Straight through the buffet is a children"s buffet area with hot dogs, burgers and mac anc cheese and little tables. Nice touch for the little ones. It opens onto the Great Outdoor buffet which is open air and has an abbreviated version of the big buffet. Usually less crowded and a nice place to dine, weather permitting.

We dined one night at La Cocina, the Italian restaurant and enjoyed it very much. Reservations are necessary but there is no fee. We also ate at Teppanyaki, the Japanese steak house, (reservations necessary and $20/person) and found it mediocre. There are 8 people per table and 4 tables in the restaurant. The "show" done by the cooks is not comparable to Benihana"s (sp?) but the food was pretty good. There is a huge range hood over the area that makes it quite noisy.

We tried to make reservations for several other restaurants but were not able to. Our kids ate sushi ($15/person) several times and enjoyed it.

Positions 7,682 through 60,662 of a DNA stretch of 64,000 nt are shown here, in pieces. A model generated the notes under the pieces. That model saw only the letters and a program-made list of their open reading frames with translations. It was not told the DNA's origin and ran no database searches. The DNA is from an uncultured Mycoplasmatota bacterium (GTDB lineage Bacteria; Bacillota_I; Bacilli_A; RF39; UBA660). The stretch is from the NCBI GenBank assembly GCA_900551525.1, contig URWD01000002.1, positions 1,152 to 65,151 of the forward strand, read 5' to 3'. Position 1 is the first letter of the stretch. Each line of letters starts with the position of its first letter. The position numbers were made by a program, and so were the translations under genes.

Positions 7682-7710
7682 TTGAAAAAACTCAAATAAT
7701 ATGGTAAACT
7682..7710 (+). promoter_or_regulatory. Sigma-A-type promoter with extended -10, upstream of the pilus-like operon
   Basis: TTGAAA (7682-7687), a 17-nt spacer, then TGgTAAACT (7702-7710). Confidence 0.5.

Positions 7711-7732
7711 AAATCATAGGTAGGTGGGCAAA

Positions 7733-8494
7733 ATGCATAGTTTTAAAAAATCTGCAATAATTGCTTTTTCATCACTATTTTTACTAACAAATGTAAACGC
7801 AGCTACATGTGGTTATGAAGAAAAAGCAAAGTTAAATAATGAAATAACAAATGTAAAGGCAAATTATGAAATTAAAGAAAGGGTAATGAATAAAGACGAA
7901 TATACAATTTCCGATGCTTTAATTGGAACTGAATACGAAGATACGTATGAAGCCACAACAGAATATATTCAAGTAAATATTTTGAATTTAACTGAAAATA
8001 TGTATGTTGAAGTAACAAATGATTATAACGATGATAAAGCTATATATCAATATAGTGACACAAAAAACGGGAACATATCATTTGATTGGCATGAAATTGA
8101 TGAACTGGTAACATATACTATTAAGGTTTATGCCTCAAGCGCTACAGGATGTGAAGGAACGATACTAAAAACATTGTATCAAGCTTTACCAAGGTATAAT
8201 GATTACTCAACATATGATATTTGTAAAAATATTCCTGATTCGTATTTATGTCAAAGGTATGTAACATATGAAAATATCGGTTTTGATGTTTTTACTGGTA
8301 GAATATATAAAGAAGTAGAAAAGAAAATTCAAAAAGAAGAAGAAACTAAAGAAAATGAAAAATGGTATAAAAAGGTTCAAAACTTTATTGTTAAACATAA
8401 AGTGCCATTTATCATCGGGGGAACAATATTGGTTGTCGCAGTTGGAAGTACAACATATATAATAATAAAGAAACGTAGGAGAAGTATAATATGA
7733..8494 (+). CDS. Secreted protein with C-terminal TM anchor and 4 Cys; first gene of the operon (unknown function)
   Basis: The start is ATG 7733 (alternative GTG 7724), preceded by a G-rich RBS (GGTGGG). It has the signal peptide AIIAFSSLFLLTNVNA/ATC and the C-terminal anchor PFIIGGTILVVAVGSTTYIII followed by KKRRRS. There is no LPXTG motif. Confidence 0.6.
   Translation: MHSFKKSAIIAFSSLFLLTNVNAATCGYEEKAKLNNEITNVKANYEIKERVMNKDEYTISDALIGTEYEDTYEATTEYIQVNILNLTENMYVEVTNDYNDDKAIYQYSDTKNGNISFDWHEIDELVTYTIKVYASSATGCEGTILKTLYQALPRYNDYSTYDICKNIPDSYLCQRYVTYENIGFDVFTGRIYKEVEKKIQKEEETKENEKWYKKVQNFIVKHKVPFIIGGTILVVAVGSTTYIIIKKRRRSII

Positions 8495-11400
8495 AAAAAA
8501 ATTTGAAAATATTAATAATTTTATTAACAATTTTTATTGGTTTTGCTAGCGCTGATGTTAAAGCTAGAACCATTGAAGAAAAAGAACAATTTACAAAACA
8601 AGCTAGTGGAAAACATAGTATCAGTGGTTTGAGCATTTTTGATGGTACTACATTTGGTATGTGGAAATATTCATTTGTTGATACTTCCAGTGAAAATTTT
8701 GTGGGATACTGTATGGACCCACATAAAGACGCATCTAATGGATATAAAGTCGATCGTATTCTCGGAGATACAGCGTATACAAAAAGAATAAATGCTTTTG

I felt the food quality and service was much improved over our last NCL cruise (2/07) and may actually have been some of the best we"ve had in many years.

There was a wine program that was never advertised until the last day. If you bought 6 bottles of wine you received 1 free. You had to bring all your tickets to any restaurant or bar and they gave you a bottle of your preferred wine. Don"t know what they would do if you requested a bottle more expensive than your usual order, but we are boring people and drank the same wine most nights.

Dress Code: "Nice" jeans are allowed in all venues for dinner except Summer Palace. No jeans are permitted there, even on the first night. It was stri ctly, but nicely enforced. You may not wear your swim suit in the buffet, although if you are passing through the buffet to get the Great Outdoors it"s okay.

Smoking has been limited to an increasingly fewer place (yeh!) which made some decks entirely smoke free.